HOUR 20: Working with Flash and Other Embeddable Content
That said, Flash is no longer King of the Hill (obscure Norwegian reference, not an
endorsement of the animated TV show). With the introduction of HTML5 and
HTML5-powered devices such as smartphones and tablets, Flash is being replaced by
HTML5, especially where video is concerned. Because of the complexities of HTML5
video and the format war between the device and browser manufacturers, most
hosting providers offering up embeddable content that previously used Flash now
use embeddable iFrames instead. In this hour, you learned how to get and embed
such iFrame-based HTML5 YouTube videos in your pages and also how to configure
these iFrames. Although the example only featured YouTube, the same technique
can be used for most other video-sharing services.
Q. When I preview the FlashGallery.html page in Internet Explorer,I get a warn-
ing that the program has restricted the website from running ActiveX con-
trols that could access my computer. What do I do?
A. Embedded content such as a Flash movie uses ActiveX controls to play. For
some reason, when you view a local web page, Internet Explorer blocks this
type of content, and you actively have to tell the browser to accept it by click-
ing on the warning bar at the top of the page and selecting Allow Blocked
Content. This happens only for local files; after the page with the Flash movie
is on a web server, you no longer receive this warning.
Q. When I embed the YouTube video in my page,all I get is a black box with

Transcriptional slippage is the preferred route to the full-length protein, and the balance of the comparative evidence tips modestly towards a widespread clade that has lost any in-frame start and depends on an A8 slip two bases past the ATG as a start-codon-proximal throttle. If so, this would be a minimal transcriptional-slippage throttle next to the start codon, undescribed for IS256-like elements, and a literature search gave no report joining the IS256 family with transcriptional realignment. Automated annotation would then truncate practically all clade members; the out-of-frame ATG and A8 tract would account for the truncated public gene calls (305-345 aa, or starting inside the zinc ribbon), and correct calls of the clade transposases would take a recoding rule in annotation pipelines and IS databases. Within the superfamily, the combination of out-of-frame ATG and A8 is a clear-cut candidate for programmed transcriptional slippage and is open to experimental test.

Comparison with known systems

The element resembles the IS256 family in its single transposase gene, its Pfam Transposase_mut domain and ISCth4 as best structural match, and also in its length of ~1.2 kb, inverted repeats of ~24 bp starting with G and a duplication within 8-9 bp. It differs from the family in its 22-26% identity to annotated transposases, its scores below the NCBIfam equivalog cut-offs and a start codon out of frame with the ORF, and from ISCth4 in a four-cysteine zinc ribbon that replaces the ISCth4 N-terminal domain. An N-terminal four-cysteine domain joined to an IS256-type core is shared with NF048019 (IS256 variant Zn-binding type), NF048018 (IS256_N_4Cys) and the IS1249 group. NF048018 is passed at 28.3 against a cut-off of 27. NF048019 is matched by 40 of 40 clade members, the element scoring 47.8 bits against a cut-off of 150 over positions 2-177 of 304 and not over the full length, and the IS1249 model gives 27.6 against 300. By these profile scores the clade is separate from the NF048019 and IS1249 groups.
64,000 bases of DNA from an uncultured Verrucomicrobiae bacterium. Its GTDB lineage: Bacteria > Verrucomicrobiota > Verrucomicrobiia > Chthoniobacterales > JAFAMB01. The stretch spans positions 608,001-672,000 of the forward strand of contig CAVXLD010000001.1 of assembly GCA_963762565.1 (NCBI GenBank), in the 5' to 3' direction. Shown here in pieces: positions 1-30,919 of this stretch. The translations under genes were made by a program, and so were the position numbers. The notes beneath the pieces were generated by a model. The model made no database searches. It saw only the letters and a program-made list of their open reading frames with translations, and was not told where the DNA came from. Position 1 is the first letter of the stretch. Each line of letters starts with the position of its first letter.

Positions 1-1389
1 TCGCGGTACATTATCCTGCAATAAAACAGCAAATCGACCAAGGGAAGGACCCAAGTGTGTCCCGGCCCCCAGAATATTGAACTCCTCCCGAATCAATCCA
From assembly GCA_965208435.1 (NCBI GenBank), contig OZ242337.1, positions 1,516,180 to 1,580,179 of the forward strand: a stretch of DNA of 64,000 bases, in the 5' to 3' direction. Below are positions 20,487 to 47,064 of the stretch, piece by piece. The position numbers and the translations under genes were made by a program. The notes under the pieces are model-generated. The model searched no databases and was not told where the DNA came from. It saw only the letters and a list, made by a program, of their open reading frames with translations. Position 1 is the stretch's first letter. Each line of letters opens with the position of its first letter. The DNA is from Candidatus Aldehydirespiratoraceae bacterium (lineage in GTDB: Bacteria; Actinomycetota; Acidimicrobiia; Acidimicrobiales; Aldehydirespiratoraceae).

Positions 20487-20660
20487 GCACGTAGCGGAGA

scroll bars in Design view. What went wrong?
A. The YouTube iFrame displays a page hosted by YouTube that detects what
browser and device is currently accessing the video. Because Expression Web 4
is neither a browser nor a device, YouTube returns an empty page. The scroll
bars are there because the empty page has no defined width and height, so
the maximum width and height are applied.
Q. The Flash image gallery shows up,but there are no images!
A. The Flash image gallery sources its content from outside the application itself.
It gets its data from the images.xml file, and the images are stored in the
Flash folder under the large and thumbs folders. For the gallery to work prop-
erly, it is imperative that the folder structure described in the hour be retained.
The Gallery folder should contain one folder: Flash. All the Flash files should
be in the Flash folder. If your folder structure is correct and you are still not
seeing anything, go to the finalized version found in the lesson files and
replace your files with the ones provided.